What is faith? I don’t have faith in my parkour abilities. My lack of faith comes from several factors: basic safety awareness, physique, and reality. Because of this, I have little or no confidence in my ability to scale walls. Faith is rational confidence. We’re confident about things we understand and have experience or proficiency with.
Faith in God is confidence. We’re confident that God exists. We’re confident that he made everything. We know he loves us. We know he’s coming back. We know that faithful people get to live with him.
A faithful Christian is a rationally confident Christian. When we’re doing our best to live moral lives, we’re confident in grace. We’re confident in our destination. We have reason to have confidence in God because we’ve worked on knowing him. We have the Bible and creation itself to help us know God. The more we know him, the more confidence we have.
What if I want more confidence in my parkour abilities? I’d have to hit the gym like crazy and somehow become graceful. I’d have to want to develop that skill. Confidence comes from experience and knowledge.
What if we need more faith? Get to know God more. Pay attention to all of the ways life points to a much higher power. Get close to other Christians. Get excited for heaven. No one can walk away from that without more confidence in our awesome God.
It was 2008, just 20 days shy of his 90th birthday, when Fred Baur died. On the way to the funeral home, his kids decided to stop at a nearby Walgreens to pick up some salty snacks. They debated for a bit, should it be sour cream and onion, cheddar cheese maybe? Larry and his siblings finally decided on Original.
You see, Fred adored his kids, but his passion was snacks. His accomplishments included a variety of frying oils and freeze-dried ice cream.
Fred was an American organic Chemist that had received both his masters and PhD at The Ohio State University, and it was 1966 when P&G came calling. Evidently, in the 1960s, there was a problem with the packaging and shipping of potato chips. By the time the consumer would pick up potato chips at a store, well, they were merely in pieces. This is where P&G thought Fred could help solve this problem.
After two years of experimentation, Fred developed a chip of dried potato flakes, added a bunch of unpronounceable ingredients, and cut them into thin hyperbolic paraboloids. With this shape, Fred could neatly stack his chips into his vacuum sealed tube.
By this time, you know that I am referring to Fred’s invention of Pringles, but the story doesn’t end there. Fred still wasn’t done with his invention.
There were problems:
First and foremost, they tasted like sawdust, so Fred spent another 2 years to improve the taste. Then, another issue. Frito-Lay sent lawyers because they said Fred’s chips weren’t potato chips at all because they were just 42% potato.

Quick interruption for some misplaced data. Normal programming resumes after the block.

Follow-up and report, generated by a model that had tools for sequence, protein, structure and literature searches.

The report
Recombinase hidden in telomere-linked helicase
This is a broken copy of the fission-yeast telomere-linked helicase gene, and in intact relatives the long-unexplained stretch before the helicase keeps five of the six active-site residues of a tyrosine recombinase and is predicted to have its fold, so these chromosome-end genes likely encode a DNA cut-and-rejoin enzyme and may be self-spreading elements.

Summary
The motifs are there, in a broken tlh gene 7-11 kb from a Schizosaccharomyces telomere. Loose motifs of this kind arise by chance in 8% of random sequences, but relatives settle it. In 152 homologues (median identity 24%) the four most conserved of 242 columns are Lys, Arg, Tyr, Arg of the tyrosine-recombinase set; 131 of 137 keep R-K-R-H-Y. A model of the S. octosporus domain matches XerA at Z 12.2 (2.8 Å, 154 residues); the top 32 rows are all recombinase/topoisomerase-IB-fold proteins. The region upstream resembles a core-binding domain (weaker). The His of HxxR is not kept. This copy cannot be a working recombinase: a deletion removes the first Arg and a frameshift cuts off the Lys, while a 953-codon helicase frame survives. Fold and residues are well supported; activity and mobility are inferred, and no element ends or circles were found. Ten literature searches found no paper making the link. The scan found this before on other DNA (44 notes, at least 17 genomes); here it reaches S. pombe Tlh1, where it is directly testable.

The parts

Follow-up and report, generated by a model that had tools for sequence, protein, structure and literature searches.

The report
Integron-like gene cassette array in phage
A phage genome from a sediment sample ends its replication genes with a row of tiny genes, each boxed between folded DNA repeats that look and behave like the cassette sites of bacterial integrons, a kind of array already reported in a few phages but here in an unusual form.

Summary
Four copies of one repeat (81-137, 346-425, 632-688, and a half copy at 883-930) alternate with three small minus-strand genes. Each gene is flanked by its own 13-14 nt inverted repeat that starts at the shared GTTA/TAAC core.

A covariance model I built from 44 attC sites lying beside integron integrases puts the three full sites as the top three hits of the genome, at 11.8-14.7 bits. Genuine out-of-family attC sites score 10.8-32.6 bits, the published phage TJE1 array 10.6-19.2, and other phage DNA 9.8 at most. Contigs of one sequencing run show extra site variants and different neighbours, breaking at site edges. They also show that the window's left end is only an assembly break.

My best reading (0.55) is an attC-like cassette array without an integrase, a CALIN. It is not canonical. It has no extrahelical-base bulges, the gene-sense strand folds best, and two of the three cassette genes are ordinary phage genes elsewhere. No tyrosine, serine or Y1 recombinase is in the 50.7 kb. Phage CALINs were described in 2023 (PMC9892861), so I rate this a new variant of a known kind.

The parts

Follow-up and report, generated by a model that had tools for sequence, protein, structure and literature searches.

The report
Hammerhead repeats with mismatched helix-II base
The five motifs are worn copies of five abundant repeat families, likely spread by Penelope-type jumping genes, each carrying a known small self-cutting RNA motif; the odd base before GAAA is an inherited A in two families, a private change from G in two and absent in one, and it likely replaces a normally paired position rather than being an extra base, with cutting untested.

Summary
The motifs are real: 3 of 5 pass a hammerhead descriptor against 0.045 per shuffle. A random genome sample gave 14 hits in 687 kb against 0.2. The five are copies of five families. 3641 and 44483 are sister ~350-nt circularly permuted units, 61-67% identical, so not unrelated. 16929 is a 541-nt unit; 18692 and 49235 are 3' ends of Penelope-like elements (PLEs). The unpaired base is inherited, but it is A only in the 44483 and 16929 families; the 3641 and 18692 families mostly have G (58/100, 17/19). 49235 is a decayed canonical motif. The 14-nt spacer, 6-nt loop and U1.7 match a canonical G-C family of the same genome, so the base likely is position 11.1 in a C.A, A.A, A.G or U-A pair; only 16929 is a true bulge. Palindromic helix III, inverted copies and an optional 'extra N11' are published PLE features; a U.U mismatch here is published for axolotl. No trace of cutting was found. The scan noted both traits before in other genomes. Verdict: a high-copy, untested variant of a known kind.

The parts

After some time and haggling, they decided to call them potato crisps.
He gave birth to an iconic brand that many of us still enjoy today. Through years of experimentation, development, and disappointments, lawyers-at one point P&G wanted to trash the idea.
But Fred persevered.
He was able to see his brand break 100 million in sales. He was able to see it break 500 million in sales. However, he wasn’t there in 2011 when P&G sold Pringles for almost 2.5 Billion Dollars.
That brings us back to 2008 when Fred’s children showed up to the funeral home with the Original flavored can of pringles. Fred’s wish was to have his ashes be placed in a Pringles can when he passed.
Fred got his wish.
As great as this story is, we wouldn’t have this story if it wasn’t for Fred’s perseverance. And as great as Fred’s perseverance was, we have so many examples of greater perseverance in the Bible.
Consider Joshua, Job, Jeremiah, Nehemiah and our greatest example of perseverance, Jesus. These are just a few of the many examples the Bible gives us.
Two points I want to quickly make about Perseverance, and the lesson is yours.
Number 1. WE HAVE A NEED FOR PERSEVERANCE.
It’s not a matter of if, but when…Christians Will Face Tribulations in Life. Jesus says in John 16:33, “These things I have spoken to you, that in Me you may have peace. In the world you will have tribulation; but be of good cheer, I have overcome the world.”
Christ never promised us that this life would be a bed of roses. The Gospel never said we’d go to Heaven on “flowery beds of ease.” Rather, we are promised that we shall have hardships and tribulations in this life, especially if we are faithful Children of God.
Only those who persevere receive the reward. Revelation 2:10-11 tells us, “Do not fear any of those things which you are about to suffer. Indeed, the devil is about to throw some of you into prison, that you may be tested, and you will have tribulation ten days. Be faithful until death, and I will give you the crown of life.”
Number 2. PERSEVERANCE IS DEVELOPED IN TRIBULATION.
Romans 8: 18-28 can be summarized as this: Viewed in faith, tribulation is a friend rather than an enemy. I don’t know a lot of adversity that is necessarily fun, but we can learn from it, and we can grow from it.
In Deuteronomy 8, the Israelites failed to see the benefits of their trials.